My five months in Africa ended this week. If you’re trying to decide between visiting Tanzania or Kenya, I’ve got the answer.
My answer, if you’ve got the cash and time, is both. But if you’re watching your vacation dollars and have limited time, the answer is Kenya.
First of all why does it take more time and money to visit both countries? The two countries share almost a 500 mile-long border with quite a few border posts, and much of the border actually goes right through abundant game controlled areas.
This isn’t just an issue of the additional costs of visas or shots.
The answer is because the two countries have intentionally made it difficult for tourists to visit them both on the same trip. Both countries believe if they force you into an all-or-nothing situation, they’ll be better off.
Since 1979 the border posts that fall in game controlled areas have been closed to tourist traffic. So, for example, the most important one, the border between Kenya’s Maasai Mara and Tanzania’s Serengeti, isn’t just closed, it’s now grown over with jungle.
The Sand River bridge which used to deliver tourists between the two countries is ready to collapse. I wouldn’t use if I could. (Click here for my blog that explains why this happened in 1979 and has never changed since.)
So to travel from one game park in one country to another game park in the other country, you have to go back to a border post which allows tourist crossings, and this usually means traveling backwards a lot.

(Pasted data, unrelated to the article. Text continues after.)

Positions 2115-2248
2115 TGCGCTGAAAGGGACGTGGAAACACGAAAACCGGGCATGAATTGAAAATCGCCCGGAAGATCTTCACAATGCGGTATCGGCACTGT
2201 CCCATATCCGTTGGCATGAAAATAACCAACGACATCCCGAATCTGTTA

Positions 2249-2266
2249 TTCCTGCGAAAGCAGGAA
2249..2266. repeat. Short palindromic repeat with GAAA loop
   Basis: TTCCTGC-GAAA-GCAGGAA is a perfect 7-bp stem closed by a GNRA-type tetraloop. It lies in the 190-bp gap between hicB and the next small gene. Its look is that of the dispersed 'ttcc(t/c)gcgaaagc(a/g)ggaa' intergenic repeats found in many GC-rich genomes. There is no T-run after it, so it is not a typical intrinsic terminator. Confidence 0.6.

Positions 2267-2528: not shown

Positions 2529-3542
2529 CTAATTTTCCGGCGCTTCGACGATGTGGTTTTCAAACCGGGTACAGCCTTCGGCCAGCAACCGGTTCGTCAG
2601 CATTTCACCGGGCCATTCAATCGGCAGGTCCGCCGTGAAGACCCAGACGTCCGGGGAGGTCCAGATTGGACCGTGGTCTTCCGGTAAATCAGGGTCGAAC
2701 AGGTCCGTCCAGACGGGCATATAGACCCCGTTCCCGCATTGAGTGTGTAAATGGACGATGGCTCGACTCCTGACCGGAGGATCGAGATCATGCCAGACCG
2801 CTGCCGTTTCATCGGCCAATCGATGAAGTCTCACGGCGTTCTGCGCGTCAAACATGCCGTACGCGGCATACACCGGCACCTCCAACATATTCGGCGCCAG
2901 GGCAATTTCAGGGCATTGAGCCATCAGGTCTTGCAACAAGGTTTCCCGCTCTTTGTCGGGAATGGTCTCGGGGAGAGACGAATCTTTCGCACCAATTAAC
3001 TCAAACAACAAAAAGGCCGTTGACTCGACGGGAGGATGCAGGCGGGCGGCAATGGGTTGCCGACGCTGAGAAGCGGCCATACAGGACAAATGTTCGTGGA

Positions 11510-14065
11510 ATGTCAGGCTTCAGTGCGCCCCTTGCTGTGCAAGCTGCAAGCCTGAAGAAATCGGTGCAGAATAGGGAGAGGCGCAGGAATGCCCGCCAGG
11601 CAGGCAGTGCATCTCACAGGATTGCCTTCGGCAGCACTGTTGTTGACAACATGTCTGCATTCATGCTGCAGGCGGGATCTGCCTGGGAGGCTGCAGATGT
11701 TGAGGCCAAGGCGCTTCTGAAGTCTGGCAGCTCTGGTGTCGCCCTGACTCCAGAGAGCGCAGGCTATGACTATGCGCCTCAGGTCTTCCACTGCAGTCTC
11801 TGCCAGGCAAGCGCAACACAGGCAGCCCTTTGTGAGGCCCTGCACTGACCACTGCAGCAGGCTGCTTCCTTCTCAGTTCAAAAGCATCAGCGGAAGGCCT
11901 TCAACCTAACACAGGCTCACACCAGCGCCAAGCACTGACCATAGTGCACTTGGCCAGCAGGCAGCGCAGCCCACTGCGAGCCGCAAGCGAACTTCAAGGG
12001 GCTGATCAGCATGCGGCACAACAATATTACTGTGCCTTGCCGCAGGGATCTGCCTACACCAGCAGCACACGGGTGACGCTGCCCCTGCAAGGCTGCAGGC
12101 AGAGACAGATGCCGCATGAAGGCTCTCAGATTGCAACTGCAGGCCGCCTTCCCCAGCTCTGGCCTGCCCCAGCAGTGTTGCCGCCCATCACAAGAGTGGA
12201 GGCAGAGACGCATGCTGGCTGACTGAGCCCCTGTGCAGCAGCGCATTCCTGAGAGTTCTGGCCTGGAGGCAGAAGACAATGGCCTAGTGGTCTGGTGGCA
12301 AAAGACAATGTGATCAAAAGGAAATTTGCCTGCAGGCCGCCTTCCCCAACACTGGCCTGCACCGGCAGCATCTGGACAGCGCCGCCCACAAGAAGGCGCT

The cost, for example, to travel from a camp on the southern bank of the Sand River in Tanzania, to one you can see across that same river in Kenya, is about $600 per person and at least 8 hours if you fly the whole way.
It will take at least the entire day, and that often doesn’t make sense, because if you try to do it in a day, you’ll have to leave at the break of dawn and won’t arrive in the other country until late in the afternoon/early evening, yet you’ll be paying full game viewing fees (twice!) for each country on a day that you won’t have any time to do game viewing!
So die-hards wanting to see both countries recognize that it’s better to do something else in between, breaking up the long circuitous journey, if that’s nothing more than just seeing a city like Nairobi. And that’s where the concept of needing more time starts.
And then you get into the problem of having to whittle away principal attractions in each of the countries to make enough time to see them both, or if accepting only the very prime attractions in each country, you’re looking at a safari of more than two weeks.
Add to this that “open-jawing” your international air fare (flying into one country but returning from another) is considerably more expensive than simply roundtripping one.
As a general rule, you’ll need 20-25% more time and money for the same amount of sightseeing and game viewing if you visit both countries instead of only one.
Both Kenya and Tanzania have a superb list of incredible attractions, game viewing and otherwise. If they opened their borders a tourist could approach them both as a single country, East Africa.